Under the Semiconductor Chip Protection Act (“SCPA”), the owner of certain kinds of original mask works (as defined by the SCPA) has exclusive rights in that work. Mask works include the predetermined, three-dimensional images or patterns formed on or in the layers of metallic, insulting or semiconductor material and fixed in a semiconductor chip. The owner’s exclusive rights include the right to reproduce the mask work, to import or distribute a semiconductor chip in which the mask work is embodied, and to authorize others to do any of these acts.
The identity of the owner of a mask work depends on the particular facts and circumstances surrounding creation of the work. The owner may be (1) the person who created the mask work, (2) an employer, where an employee has created the mask work within the scope of a his/her employment, or (3) a party to whom all the rights of such person or employer are transferred in accordance with statutory requirements.
Protection for a mask work commences on the earlier of: (1) the date the mask work is registered with the Copyright Office as required by the SCPA, or (2) the date the mask work is first commercially exploited anywhere in the world. Protection of a mask work lasts for 10 years (terminating at the end of the calendar year in which it would otherwise expire). To secure protection of a mask work for the entire 10-year term, owners must apply to register their mask works with the Copyright Office within two years of the date on which the mask work is first commercially exploited. Failure to register within the proscribed period will terminate protection of the mask work under the SCPA. Although administered by the U.S. Copyright Office, protection for mask works is not copyright protection.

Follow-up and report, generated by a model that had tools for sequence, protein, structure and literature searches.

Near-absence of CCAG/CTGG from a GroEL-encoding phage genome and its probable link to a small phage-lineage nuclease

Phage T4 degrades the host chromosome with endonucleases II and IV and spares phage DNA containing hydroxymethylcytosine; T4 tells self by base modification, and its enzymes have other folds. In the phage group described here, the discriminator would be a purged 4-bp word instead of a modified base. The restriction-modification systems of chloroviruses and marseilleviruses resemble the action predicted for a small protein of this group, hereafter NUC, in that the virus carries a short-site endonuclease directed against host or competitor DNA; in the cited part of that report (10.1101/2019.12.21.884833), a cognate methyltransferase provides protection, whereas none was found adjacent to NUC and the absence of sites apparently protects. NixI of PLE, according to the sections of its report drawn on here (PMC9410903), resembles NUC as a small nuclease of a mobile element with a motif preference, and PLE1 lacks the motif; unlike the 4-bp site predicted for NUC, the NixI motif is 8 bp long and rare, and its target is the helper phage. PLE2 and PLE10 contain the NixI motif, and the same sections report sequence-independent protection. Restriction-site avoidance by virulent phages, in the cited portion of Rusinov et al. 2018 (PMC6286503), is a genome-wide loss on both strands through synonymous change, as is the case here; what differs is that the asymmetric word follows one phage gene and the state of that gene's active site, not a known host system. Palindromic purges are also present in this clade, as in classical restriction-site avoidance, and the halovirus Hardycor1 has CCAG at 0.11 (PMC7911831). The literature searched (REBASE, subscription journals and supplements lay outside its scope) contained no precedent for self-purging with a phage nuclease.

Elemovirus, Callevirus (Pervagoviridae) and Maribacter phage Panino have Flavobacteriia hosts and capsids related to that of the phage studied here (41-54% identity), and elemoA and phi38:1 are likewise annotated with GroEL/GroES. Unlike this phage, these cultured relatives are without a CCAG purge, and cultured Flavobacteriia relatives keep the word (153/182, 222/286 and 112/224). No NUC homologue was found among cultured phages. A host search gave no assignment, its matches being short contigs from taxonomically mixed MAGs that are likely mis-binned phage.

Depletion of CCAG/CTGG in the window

As mentioned above, protection under the SCPA extends to the three-dimensional images or patterns formed on or in the layers of metallic, insulting or semiconductor material and fixed in a semiconductor chip. Protection under the SCPA does not extend to any idea, procedure, process, system, method of operation, concept, principle, or discovery associated with a mask work. Although not protected by the SCPA, these discoveries may be the subject of patent protection.
Please contact OTD if you believe there may be a commercial opportunity for a mask work in which Boston University has an interest.
For more information on mask works, you can visit the U.S. Copyright Office website at: http://www.copyright.gov/, which includes Circular 100, titled “Federal Statutory Protection for Mask Works,” http://www.copyright.gov/circs/circ100.pdf